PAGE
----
Increased CXCL10 Is Associated with Reversal Reaction in Leprosy
DM Scollard, A Martinez, M Chaduvula, N Fowlkes, I Nath, B Stryjewska, DL Williams. National Hansen's Disease Programs, Baton Rouge, LA; Fundacao Oswaldo Cruz, Rio de Janeiro, Brazil; LEPRA- Blue Peter Research Centre, Hyderabad, India; Louisiana State University, Baton Rouge
Background: The normally indolent course of leprosy is complicated in many patients by an acute, systemic inflammatory syndrome termed 'Reversal Reaction' (RR) that is a major cause of neuritis and other morbidity in leprosy. RR appears to be a spontaneous enhancement of cellular immunity, but the mechanisms underlying this clinical syndrome are unknown and no laboratory tests are available to diagnose or monitor it.
Design: Sereum was collected monthly x 12 from 20 patients in India who had borderline leprosy (10BT and 10 BL) and who had RR at some time during their course, and from 20 similar patients who did not have RR. Serum CXCL10 levels were assayed by ELISA. Real-time quantitative PCR was performed on paired skin biopsies taken before and during RR, from 7 patients in the United States. Immunohistochmical staining was performed on paraffin sections of the same paired biopsies, using antibodies to CXCL10 and its receptor, CXCR3.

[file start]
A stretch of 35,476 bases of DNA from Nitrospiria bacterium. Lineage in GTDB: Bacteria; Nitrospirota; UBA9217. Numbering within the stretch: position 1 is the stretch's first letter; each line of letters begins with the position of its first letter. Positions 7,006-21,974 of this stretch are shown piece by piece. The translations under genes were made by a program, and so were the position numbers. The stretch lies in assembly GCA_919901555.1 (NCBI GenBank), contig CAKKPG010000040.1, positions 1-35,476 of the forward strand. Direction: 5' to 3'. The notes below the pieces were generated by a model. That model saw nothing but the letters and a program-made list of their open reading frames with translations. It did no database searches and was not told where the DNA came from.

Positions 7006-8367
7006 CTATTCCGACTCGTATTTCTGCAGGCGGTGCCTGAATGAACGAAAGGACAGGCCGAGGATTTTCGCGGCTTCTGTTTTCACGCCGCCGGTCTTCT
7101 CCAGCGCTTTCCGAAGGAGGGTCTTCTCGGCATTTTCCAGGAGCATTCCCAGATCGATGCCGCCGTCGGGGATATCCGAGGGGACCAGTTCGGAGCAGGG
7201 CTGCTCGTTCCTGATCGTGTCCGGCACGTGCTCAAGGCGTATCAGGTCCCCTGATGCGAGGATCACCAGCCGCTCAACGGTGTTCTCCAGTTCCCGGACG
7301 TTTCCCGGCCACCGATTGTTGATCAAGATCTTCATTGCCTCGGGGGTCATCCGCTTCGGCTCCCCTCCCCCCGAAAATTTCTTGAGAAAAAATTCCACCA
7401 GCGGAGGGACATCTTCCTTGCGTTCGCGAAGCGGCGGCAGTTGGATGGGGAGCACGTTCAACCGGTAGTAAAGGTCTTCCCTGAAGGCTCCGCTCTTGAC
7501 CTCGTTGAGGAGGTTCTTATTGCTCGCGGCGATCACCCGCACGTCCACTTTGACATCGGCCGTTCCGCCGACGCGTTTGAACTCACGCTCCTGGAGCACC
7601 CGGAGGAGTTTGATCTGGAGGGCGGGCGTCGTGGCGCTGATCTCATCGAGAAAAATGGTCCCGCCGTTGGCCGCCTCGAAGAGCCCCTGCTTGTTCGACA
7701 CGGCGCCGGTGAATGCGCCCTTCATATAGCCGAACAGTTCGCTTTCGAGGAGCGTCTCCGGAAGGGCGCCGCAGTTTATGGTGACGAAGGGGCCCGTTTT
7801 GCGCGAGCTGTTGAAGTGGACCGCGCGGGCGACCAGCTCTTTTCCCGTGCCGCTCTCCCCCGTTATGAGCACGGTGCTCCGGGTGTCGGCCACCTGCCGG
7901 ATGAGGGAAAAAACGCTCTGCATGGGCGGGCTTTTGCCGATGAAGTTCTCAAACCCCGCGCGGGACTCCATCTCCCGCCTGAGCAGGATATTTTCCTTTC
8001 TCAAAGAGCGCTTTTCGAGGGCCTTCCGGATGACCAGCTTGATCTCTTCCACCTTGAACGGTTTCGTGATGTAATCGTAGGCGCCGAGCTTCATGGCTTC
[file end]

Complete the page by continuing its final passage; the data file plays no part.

Results: Measurements of serum ELISA levels of CXCL10 in sequential, monthly specimens from 20 borderline (BL and BT) patients revealed significantly elevated levels of this chemokine associated with RR (p = 0.03). Real-time quantitative PCR revealed elevated expression of CXCL10 in skin biopsies during RR compared to pre-RR biopsies in 7/7 patients. Immunohistochemical staining of skin biopsies did not identify an increase in the number of leukocytes strongly positive for CXCL10 or its receptor, CXCR3, but suggested an overall increase in staining for both of these molecules throughout the infiltrate.
Conclusions: Together, these findings suggest that increased CXCL10 is a characteristic of cutaneous and systemic manifestations of RR. These findings may offer new possibilities for laboratory support in the diagnosis and monitoring of RR, and suggest that studies of the regulation of CXCL10 may provide further insight into the mechanisms responsible for this complication of leprosy.
Monday, March 9, 2009 1:00 PM
Poster Session II # 192, Monday Afternoon